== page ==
Araunah said, “Why has my lord the king come to his servant?” “To buy your threshing floor,” David answered, “so I can build an altar to the LORD, that the plague on the people may be stopped.” Araunah said to David, “Let my lord the king take whatever pleases him and offer it up. Here are oxen for the burnt offering, and here are threshing sledges and ox yokes for the wood. O king, Araunah gives all this to the king.” Araunah also said to him, “May the LORD your God accept you.” But the king replied to Araunah, “No, I insist on paying you for it. I will not sacrifice to the LORD my God burnt offerings that cost me nothing.” So David bought the threshing floor and the oxen and paid fifty shekels of silver for them. ~ 2 Samuel 24:21-24
We are now several days into the Lenten season and I wish I could have a do-over. I decided not to give up chocolate, carbs or coffee this year but instead to sacrifice time to work on a book project that has been looming over my head for years. A few friends have recently given me gentle (and not so gentle) nudges to finish the book. I have received these prods as God’s way of reminding me that there is work for me to do.
Of course, because “time” is the sacrifice I wanted to make, needed to make, everything has happened to interfere with my commitment. I can’t remember receiving so many phone calls, text and email messages that needed my immediate attention, things on my to-do list that demanded my time and activities/events that required my presence as I have these last few days—not so coincidentally, every time I sit down to write. Nor have I felt more tired and unable to concentrate! Who knew that time would be harder to give up than chocolate?!
Part of the problem is that it’s not only time that I need. I also need quiet, focus and limited distractions. In other words, I need to get into the zone—that zone that those who write or create know so well. I need dedicated time. I need sacrificial time. And, in the midst of being busy and overly committed, setting aside the time to get into the zone is a monumental task for me.
It’s not too much of a sacrifice, though. I mean, come on! I’m really embarrassed to admit that this has been difficult. When I consider the reason why I observe Lent in the first place and the ultimate sacrifice that was made for me, I am ashamed and disappointed that I have not found a consistent time of day nor have I set aside a certain number of hours to do one of the things that God has called me to do—write.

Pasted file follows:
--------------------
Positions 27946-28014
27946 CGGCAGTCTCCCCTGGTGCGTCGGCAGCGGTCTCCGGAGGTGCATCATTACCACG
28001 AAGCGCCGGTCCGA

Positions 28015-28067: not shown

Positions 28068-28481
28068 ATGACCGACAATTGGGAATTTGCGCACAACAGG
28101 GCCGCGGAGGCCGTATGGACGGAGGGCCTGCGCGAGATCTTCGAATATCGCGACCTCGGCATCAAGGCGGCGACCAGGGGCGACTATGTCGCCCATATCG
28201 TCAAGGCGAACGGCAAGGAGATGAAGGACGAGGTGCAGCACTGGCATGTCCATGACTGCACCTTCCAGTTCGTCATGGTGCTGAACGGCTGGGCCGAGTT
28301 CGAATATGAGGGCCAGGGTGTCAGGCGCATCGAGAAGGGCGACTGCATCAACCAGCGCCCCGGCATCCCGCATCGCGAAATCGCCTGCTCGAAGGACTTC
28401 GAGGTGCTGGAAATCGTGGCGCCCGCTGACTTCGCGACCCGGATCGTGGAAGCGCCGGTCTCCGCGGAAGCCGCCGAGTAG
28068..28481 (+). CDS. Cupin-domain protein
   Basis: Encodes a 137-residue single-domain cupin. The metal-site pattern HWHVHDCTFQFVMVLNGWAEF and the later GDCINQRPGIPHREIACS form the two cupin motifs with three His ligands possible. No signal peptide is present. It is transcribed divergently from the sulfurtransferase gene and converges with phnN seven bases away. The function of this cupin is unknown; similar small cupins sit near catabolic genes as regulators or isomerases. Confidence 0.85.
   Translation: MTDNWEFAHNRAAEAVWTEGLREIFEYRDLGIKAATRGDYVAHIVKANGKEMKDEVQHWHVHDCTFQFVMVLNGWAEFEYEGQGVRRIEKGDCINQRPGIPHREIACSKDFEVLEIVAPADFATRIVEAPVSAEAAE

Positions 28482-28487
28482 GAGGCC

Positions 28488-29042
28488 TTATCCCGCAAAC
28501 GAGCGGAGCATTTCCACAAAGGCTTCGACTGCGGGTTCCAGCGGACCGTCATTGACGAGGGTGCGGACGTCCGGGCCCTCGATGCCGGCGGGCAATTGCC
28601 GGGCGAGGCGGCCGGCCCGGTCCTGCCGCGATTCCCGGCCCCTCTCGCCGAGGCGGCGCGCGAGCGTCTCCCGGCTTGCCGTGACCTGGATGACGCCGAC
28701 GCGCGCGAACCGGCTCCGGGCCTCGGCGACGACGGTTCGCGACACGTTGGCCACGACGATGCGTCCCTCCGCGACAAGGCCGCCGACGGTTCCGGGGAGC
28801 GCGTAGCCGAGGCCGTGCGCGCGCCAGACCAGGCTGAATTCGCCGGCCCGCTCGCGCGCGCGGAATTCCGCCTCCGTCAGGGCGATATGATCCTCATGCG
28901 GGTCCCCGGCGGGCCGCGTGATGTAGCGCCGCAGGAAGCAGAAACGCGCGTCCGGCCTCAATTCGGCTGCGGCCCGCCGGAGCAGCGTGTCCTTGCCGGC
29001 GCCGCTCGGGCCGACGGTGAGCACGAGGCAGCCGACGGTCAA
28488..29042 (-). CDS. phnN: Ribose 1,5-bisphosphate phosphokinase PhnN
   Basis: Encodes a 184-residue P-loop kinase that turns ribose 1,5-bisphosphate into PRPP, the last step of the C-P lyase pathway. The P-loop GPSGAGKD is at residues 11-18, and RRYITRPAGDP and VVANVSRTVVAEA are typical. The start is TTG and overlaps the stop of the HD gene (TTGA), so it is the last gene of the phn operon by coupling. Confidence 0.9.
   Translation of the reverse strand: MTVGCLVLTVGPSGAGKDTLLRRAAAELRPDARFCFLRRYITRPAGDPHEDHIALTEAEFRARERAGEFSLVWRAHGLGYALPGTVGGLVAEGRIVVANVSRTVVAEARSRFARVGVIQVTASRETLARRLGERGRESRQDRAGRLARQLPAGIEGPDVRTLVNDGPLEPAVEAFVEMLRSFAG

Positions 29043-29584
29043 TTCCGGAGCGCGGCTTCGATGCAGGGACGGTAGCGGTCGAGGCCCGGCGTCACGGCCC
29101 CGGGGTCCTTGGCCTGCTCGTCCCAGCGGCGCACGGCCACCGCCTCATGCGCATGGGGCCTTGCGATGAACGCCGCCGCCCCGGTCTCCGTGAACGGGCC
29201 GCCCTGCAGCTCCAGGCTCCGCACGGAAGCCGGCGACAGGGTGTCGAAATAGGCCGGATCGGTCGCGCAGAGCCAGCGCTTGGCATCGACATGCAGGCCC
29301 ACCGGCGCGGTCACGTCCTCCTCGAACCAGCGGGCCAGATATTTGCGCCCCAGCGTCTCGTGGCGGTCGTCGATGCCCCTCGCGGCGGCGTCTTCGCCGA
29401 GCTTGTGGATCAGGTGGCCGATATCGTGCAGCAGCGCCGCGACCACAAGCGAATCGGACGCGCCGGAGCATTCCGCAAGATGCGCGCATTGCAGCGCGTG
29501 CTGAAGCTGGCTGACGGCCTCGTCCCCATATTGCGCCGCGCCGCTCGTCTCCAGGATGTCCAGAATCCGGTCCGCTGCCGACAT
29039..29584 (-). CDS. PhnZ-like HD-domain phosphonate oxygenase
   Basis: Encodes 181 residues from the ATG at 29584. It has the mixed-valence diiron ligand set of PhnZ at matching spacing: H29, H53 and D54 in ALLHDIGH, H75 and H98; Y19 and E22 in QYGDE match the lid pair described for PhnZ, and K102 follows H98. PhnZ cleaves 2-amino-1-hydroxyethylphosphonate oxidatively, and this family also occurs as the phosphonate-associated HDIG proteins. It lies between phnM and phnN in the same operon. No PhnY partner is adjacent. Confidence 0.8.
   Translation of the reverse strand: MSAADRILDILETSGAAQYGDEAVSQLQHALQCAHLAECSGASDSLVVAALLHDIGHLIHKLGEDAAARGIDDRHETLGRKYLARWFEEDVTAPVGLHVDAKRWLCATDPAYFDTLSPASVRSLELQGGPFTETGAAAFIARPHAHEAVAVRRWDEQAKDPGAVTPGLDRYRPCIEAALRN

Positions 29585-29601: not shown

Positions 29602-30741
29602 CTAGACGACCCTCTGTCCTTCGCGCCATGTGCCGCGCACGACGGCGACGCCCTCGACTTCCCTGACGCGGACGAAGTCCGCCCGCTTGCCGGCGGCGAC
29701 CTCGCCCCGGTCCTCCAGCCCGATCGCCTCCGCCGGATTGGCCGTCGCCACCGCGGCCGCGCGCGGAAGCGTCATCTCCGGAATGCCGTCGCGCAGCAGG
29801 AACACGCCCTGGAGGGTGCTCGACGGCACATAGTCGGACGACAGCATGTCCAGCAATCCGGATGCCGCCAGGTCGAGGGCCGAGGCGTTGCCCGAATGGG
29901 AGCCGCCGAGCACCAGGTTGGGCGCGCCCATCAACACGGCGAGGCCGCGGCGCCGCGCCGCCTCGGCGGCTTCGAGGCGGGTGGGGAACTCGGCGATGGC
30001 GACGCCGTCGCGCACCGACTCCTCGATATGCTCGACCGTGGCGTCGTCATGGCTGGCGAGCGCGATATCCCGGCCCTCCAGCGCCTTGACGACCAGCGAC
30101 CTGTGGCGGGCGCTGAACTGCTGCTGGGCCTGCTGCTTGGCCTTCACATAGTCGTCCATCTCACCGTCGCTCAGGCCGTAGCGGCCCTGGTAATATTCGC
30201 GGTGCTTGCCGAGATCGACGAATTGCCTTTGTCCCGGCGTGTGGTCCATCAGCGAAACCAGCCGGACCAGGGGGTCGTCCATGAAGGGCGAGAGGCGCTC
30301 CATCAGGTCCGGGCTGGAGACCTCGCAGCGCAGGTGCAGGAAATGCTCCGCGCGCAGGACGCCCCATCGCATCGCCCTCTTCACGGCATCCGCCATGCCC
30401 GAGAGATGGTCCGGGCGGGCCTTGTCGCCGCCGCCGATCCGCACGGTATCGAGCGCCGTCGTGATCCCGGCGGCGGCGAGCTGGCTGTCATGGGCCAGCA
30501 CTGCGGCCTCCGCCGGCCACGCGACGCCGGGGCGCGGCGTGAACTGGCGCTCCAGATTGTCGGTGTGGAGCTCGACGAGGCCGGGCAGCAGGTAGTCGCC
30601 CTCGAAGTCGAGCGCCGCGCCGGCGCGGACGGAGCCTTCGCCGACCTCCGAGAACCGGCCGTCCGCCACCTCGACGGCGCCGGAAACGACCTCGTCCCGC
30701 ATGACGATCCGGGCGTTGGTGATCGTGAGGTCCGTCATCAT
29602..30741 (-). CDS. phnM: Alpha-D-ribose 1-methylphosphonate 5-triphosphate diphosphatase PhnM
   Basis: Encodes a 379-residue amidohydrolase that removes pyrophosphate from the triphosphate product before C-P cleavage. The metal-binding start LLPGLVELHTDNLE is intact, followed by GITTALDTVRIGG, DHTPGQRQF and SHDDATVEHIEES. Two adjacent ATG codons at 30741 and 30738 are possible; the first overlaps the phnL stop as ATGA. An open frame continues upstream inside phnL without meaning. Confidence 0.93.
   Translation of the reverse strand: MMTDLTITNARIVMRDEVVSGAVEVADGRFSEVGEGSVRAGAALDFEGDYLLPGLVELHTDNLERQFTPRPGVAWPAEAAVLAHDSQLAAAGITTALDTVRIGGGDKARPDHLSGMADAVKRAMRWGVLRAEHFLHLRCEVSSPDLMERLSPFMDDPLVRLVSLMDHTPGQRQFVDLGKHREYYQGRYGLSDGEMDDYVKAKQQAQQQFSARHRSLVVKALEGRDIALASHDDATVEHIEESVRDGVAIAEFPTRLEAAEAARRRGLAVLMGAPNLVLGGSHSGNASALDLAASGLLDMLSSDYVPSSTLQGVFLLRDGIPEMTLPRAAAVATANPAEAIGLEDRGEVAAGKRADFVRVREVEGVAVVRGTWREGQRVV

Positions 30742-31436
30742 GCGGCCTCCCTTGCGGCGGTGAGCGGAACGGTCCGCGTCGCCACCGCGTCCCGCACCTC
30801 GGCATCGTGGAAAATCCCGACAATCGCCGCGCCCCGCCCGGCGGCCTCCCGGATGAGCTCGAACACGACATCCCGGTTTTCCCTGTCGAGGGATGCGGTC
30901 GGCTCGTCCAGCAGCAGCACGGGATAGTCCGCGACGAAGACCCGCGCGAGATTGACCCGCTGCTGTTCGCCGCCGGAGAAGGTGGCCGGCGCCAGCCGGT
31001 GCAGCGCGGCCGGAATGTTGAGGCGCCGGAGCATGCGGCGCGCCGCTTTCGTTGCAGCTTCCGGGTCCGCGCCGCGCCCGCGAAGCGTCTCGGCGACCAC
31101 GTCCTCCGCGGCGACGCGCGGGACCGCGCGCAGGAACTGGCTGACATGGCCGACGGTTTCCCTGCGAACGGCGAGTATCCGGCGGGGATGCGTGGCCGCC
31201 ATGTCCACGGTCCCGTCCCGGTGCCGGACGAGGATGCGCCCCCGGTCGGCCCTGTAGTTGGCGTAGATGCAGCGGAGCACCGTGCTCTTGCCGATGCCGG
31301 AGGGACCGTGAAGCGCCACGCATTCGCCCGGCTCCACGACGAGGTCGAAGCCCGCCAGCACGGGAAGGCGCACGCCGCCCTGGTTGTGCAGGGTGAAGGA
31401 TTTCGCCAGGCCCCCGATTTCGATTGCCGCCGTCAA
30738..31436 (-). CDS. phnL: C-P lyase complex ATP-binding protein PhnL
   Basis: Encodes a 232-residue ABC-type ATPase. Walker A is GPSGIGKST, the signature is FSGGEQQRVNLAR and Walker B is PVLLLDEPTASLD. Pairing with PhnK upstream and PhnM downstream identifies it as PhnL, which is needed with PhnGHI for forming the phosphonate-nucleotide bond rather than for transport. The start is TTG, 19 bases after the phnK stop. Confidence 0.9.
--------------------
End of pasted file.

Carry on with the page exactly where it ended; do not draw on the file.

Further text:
Yes. I have a number of reasons for not getting it done. Good reasons. Solid reasons. But, my reasons are hollow when compared to the sacrifice that changed my life and my destiny. This is why I crave a do-over. I wish I could stop time, turn back the clock to Ash Wednesday and come up with a better and more detailed plan for my Lenten sacrifice. I wish I could get up earlier, go to bed later, turn the TV and social media off completely, lock myself in my room and emerge in 40 days with a book in hand!
Too bad that’s not how it works. I have a family and other responsibilities. I can’t just lock myself away today and emerge with a New York Times Bestseller on Easter Monday. It has to be a daily sacrifice, a weekly one, in order for me to complete this assignment that has felt so herculean to me. Yet, it’s an assignment I cannot actually complete on my own. I need the Lord’s inspiration to do it. I need to be in that place where my words and thoughts are consistent with what God reveals. I’m not only sacrificing in response to God but I also need to hear from God in order to faithfully complete this assignment. I also recognize that completing this assignment will change me and help me to grow. It will open my eyes to me even as I share with others.
Perhaps that’s why this text resonates with me so much. David called for a census and counted the people in Israel and Judah. This displeased God and a plague was sent that killed thousands of people,–70,000 to be exact. To right this wrong David goes to make an altar for the Lord and Araunah offers to give him all of the items for the altar and the burnt offerings for free. To this David responds, “No, I insist on paying you for it. I will not sacrifice to the LORD my God burnt offerings that cost me nothing.” This declaration sums up the point of Lent—to offer something to the Lord that costs us, not because God requires or needs our sacrifice. Christ has already made the ultimate sacrifice for us. Instead, like David, we intentionally pay a price; give up something, because we recognize the gift that has been given to us. We also know, like David who sought an end to the plague, that we need the Lord to intervene in our circumstances. We acknowledge that the sacrifice we make draws us closer and into a more intimate relationship with God. Our sacrifice is an offering to God. So, why in the world would I offer to the Almighty something that didn’t cost me a thing? Talk about re-gifting. Talk about cheap grace!
This is why in spite of the fact that I can’t get a “do-over” per se, I have accepted the fact that each day that I have breath in my body is really another chance to get it right. It’s an opportunity to exercise discipline. It’s a chance to stay up late, get up early, shut out the world and do God’s bidding. That’s my do-over. Not that I’m throwing in the towel for this year. I can still sacrifice during Lent and everyday afterward. You see, this particular work is a costly work. It is a sacrifice. It is me digging deep and sharing what has been revealed to me. Hard stuff no matter how I look at it. Yet, I know that this work can be done. I know that it is not impossible. I know that I can do it. And, as much as I love chocolate, carbs and coffee, there’s something greater for me to give up this Lenten Season.
So, here’s to giving up the easy for the costly. Here’s to a costly sacrifice and another chance to get it right.